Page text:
Hundreds are Still Trapped from Florence’s Flooding, and ‘the Worst is Still Yet to Come’

Florence’s merciless deluge has already killed 18, trapped hundreds and made parts of North and South Carolina impassable — and the worst flooding is yet to come.

The tropical depression and former hurricane will keep dumping rain over parts of North Carolina the next few days, with numerous rivers expected to crest at major flood stage.

“The worst is still yet to come,” said Kevin Arata, spokesman for the North Carolina city of Fayetteville, where the Cape Fear River was rising.

Flooding already is so bad in North Carolina that the state transportation department is flatly telling people not to travel in the state. Numerous highways, including sections of I-95 and I-40, are closed, and road flooding has virtually cut off the coastal city of Wilmington.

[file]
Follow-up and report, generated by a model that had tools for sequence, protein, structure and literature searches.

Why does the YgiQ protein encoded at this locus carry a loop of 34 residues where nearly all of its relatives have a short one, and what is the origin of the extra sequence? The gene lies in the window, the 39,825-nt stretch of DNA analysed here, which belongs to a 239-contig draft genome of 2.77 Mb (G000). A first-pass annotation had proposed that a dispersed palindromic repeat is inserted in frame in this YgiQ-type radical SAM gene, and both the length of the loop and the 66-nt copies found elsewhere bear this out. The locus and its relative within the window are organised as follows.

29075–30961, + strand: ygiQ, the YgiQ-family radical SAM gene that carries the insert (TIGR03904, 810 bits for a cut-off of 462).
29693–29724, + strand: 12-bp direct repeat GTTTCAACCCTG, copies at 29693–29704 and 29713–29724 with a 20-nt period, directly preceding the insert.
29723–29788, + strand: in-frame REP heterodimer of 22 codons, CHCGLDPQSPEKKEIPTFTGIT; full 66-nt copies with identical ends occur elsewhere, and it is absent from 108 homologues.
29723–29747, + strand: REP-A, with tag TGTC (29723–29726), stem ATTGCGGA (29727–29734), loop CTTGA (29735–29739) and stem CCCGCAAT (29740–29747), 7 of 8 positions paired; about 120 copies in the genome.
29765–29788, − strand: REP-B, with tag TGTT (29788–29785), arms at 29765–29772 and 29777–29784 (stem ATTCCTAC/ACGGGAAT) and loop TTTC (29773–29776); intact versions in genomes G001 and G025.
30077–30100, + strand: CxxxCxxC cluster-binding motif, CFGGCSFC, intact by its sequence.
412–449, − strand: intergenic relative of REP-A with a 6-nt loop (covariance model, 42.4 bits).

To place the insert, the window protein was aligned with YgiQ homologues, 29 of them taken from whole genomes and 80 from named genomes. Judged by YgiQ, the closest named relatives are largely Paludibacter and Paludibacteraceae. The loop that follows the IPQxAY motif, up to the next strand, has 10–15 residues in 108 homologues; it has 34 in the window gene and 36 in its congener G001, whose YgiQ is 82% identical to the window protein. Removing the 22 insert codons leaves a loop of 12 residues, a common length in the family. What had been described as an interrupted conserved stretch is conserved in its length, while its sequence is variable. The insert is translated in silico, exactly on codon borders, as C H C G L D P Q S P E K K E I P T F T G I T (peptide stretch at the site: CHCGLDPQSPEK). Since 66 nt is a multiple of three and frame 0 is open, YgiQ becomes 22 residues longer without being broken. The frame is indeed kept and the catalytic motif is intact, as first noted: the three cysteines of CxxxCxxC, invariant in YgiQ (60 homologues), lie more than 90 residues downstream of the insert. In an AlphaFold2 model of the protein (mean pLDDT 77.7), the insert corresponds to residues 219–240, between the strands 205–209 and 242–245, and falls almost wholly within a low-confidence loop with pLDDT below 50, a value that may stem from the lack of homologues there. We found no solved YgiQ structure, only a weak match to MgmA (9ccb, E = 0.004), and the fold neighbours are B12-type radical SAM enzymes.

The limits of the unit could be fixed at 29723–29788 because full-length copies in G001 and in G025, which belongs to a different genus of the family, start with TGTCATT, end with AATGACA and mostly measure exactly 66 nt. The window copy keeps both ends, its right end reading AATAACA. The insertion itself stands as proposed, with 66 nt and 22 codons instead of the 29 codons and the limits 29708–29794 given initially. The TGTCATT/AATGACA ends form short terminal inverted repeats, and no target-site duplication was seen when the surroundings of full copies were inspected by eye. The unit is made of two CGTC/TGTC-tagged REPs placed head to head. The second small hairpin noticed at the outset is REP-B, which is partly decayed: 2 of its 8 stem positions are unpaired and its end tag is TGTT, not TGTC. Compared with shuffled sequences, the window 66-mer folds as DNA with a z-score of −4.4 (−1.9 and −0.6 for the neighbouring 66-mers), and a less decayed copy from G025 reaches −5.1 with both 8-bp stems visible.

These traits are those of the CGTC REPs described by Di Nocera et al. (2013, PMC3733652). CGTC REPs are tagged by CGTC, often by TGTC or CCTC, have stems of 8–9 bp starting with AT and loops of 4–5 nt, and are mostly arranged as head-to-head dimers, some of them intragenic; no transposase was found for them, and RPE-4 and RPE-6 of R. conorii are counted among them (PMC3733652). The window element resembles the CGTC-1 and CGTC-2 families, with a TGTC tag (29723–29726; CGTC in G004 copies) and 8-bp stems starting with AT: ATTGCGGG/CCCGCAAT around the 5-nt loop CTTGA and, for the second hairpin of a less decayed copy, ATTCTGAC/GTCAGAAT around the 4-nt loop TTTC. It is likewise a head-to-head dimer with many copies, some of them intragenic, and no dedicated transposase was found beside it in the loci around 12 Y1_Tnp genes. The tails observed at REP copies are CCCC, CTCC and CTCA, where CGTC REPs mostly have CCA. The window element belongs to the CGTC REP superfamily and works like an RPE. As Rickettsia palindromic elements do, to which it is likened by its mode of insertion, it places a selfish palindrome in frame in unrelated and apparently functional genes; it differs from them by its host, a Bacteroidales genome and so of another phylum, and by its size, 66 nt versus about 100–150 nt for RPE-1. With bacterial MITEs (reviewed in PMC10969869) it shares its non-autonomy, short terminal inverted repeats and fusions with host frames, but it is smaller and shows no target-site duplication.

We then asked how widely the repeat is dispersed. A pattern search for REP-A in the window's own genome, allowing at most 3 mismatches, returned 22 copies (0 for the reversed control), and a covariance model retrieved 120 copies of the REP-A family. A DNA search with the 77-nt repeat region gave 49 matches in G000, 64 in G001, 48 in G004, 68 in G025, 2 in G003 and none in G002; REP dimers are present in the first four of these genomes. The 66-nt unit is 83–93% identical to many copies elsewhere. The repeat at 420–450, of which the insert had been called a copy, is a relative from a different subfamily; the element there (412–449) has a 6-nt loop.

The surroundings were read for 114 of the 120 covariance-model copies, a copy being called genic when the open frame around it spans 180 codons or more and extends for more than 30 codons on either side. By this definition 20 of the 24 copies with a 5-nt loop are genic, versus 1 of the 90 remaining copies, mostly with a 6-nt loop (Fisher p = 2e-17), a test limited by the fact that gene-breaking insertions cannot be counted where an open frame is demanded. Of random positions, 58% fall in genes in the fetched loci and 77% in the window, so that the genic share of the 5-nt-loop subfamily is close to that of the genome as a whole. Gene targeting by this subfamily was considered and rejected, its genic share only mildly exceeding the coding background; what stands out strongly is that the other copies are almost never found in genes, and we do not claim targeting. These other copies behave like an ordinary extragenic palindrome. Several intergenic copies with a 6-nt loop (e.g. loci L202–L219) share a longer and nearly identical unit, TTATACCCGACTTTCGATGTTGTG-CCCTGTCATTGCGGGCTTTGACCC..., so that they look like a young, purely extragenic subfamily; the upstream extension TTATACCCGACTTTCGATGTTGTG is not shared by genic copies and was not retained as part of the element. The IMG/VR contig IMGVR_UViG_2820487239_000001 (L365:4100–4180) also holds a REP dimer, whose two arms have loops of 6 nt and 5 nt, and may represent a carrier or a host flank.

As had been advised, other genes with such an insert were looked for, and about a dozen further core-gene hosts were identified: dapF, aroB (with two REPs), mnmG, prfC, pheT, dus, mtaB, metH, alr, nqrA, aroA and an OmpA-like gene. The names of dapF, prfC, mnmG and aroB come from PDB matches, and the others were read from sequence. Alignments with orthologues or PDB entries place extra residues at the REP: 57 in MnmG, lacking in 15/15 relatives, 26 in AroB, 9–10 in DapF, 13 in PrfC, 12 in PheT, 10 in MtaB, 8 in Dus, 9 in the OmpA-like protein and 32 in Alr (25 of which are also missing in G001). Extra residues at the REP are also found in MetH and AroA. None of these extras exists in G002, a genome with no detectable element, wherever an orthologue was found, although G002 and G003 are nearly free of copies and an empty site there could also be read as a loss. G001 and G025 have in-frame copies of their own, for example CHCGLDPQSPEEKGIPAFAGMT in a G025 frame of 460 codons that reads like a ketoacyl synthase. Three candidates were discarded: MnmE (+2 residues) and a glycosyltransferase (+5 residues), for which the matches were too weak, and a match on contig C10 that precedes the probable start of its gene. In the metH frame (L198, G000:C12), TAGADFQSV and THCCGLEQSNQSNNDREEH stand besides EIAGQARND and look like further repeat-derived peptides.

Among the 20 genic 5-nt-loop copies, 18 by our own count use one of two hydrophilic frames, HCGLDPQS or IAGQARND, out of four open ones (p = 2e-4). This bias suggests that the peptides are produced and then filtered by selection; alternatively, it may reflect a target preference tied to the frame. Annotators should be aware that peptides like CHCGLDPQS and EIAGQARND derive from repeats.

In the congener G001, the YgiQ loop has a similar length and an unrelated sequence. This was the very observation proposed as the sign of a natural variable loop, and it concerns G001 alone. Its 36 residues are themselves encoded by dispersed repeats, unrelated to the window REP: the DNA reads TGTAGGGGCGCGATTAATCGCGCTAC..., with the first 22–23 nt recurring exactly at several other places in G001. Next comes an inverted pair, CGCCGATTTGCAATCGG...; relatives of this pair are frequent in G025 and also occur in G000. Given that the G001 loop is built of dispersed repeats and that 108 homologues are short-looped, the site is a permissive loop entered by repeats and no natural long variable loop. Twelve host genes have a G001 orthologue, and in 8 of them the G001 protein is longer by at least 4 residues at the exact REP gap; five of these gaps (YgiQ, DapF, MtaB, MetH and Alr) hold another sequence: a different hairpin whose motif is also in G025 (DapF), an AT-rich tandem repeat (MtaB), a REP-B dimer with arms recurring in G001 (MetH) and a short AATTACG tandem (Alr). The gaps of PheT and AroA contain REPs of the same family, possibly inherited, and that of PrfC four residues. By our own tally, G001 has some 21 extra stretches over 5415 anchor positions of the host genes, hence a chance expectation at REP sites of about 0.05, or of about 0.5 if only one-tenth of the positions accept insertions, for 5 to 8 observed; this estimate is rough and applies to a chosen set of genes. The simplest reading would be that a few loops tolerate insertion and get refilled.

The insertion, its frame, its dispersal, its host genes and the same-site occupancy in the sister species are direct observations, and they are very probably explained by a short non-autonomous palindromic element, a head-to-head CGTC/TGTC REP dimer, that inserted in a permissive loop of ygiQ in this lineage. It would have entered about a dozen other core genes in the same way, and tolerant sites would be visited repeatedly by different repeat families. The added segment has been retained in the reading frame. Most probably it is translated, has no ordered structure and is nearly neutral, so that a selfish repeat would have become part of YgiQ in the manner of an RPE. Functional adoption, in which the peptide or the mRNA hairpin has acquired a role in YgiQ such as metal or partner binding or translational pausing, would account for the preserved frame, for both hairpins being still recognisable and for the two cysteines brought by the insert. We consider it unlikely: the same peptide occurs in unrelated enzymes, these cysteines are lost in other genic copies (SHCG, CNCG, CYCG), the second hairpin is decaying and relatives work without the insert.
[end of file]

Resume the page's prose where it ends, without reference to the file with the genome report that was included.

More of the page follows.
More than 900 water rescues have been reported in North Carolina alone, the governor’s office said — but many more people need help. The volunteer United Cajun Navy rescue group says it was helping in Leland, where about 200 people have made calls for help, after it made numerous rescues in Wilmington.

“We’re just chasing the water,” United Cajun Navy President Todd Terrell said Sunday.

And in Lumberton, North Carolina — a city submerged by Hurricane Matthew in 2016 — residents are bracing for potential disaster as the Lumber River has been leaking through a recently patched-up gap in the levee system.